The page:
This is not a drink likely to be loved by food snobs, and unlike traditional teas it requires some mastication.
So what is bubble tea? Also sometimes known as boba tea or pearl milk tea, it starts with a fruit tea or milk tea base. The star ingredients are the chewy black tapioca balls which you suck up through an extra wide straw. They have a flavour and texture reminiscent of jelly sweets and are something of an acquired taste.
The tea was first sold from Taiwanese tea shops in the 1980s. Now ubiquitous in its homeland, it is also popular in America and Australia. You can buy bubble tea in outlets across London, mainly in Chinatown, but Bubbleology has the advantage of being bonkers.
The science theme is a witty twist. You won't find baristas here but 'bubbleologists' in white coats, who are trained in the authentic Taiwanese method for making bubble tea. Laboratory flasks full of neon potions and scientific diagrams on giant chalkboards give them the perfect playful backdrop. In keeping with the theme you are encouraged to experiment and customise. Take your tea hot or cold, add optional ingredients and turn the sweetness up or down to your taste.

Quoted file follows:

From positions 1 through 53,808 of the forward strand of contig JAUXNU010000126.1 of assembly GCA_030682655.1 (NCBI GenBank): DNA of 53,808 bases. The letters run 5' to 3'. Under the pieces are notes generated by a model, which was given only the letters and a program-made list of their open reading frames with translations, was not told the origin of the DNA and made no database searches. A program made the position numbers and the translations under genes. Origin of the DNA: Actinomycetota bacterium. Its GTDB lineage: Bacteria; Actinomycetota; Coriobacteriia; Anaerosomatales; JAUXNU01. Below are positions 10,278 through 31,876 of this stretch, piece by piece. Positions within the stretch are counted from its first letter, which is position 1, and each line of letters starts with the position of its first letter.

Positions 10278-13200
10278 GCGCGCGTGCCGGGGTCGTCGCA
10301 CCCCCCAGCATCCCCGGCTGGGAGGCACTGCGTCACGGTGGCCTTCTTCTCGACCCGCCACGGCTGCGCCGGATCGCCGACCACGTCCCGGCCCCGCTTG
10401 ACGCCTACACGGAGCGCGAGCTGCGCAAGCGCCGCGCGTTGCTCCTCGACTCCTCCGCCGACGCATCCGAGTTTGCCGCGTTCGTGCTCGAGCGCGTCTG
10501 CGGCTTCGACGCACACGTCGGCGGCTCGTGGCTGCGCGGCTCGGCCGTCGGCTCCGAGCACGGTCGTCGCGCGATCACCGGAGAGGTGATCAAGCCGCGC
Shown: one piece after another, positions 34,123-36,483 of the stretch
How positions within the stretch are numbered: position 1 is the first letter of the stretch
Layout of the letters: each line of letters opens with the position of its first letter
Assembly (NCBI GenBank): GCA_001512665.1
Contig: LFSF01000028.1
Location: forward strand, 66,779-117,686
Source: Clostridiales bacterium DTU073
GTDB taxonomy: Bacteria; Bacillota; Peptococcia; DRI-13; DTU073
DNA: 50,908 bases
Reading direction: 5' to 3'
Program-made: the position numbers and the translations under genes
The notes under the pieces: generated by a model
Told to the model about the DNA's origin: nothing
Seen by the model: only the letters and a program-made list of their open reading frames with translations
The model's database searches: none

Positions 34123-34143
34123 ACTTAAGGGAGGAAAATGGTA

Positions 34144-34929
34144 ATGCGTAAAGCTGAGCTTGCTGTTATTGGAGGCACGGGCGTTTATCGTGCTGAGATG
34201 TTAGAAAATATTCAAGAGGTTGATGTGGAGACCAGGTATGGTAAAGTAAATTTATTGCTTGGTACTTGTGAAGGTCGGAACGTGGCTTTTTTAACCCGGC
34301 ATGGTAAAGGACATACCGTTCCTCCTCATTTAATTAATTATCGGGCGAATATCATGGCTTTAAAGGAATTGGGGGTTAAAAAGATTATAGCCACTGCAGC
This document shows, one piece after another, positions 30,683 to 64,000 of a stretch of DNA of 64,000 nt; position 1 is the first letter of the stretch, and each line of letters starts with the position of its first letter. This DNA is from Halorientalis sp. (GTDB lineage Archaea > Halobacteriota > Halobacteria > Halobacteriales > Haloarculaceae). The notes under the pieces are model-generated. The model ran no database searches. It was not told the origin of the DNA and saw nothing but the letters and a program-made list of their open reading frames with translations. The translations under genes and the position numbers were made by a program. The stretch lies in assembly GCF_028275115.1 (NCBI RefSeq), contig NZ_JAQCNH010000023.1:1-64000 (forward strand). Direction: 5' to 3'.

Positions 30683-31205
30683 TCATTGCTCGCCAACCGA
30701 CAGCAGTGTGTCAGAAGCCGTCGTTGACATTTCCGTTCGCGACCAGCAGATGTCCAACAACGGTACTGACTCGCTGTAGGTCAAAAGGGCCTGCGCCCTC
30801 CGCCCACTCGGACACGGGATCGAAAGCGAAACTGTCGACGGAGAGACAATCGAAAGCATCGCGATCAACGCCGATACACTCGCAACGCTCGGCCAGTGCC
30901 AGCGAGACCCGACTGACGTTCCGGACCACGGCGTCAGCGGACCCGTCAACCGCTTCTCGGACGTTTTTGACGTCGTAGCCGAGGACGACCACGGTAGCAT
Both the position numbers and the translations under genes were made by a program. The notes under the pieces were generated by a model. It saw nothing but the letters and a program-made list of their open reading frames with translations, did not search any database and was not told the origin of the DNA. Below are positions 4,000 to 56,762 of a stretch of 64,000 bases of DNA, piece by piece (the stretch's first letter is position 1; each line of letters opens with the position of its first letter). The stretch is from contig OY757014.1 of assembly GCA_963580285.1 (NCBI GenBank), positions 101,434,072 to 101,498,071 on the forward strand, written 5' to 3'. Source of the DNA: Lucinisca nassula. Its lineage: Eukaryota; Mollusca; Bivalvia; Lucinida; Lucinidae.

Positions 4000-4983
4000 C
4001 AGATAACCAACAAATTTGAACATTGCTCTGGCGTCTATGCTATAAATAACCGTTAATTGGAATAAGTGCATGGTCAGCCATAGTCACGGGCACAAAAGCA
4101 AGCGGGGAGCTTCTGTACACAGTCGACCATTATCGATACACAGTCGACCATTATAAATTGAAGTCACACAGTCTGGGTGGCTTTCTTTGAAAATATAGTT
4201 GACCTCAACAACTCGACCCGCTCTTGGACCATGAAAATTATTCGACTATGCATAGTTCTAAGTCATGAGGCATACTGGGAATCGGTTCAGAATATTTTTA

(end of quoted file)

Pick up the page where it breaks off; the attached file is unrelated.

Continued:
Giant chalkboards complete the mad laboratory decor.
The range of milk teas includes almond, honeydew, papaya, and assam. You can also opt for tea infused with natural fruit flavourings such as kumquat, ginger, and mango. All of their teas are finished with the tapioca balls as standard. Other extras worth exploring are flavoured jelly, and strawberry or passion fruit popping boba that you burst open in your mouth.
Naturally you wouldn't expect humdrum accompaniments to such an unconventional beverage. The Taiwanese-inspired snacks here sound like something the drunk and peckish would dream up. When did you last eat a condensed milk and icing sugar or garlic butter (with seaweed garnish) toasted sandwich? I tried the coconut butter cream toastie, which has a velvety filling and is topped with toasted coconut flakes. It was so substantial that sadly the plastic cutlery buckled at the sight of it. Nevertheless it was rich, novel, and serious competition for any cake.
Be warned, the cafe is popular with customers from nearby Chinatown and also lures in the pub and theatreland crowd. A Saturday evening visit could therefore cost you a few minutes in the queue, but that should give you time to think up flavour combinations.
You'll discover there is more to tapioca than the ghastly stuff from your school days. In fact, it makes an intriguing variation on the nation's favourite drink.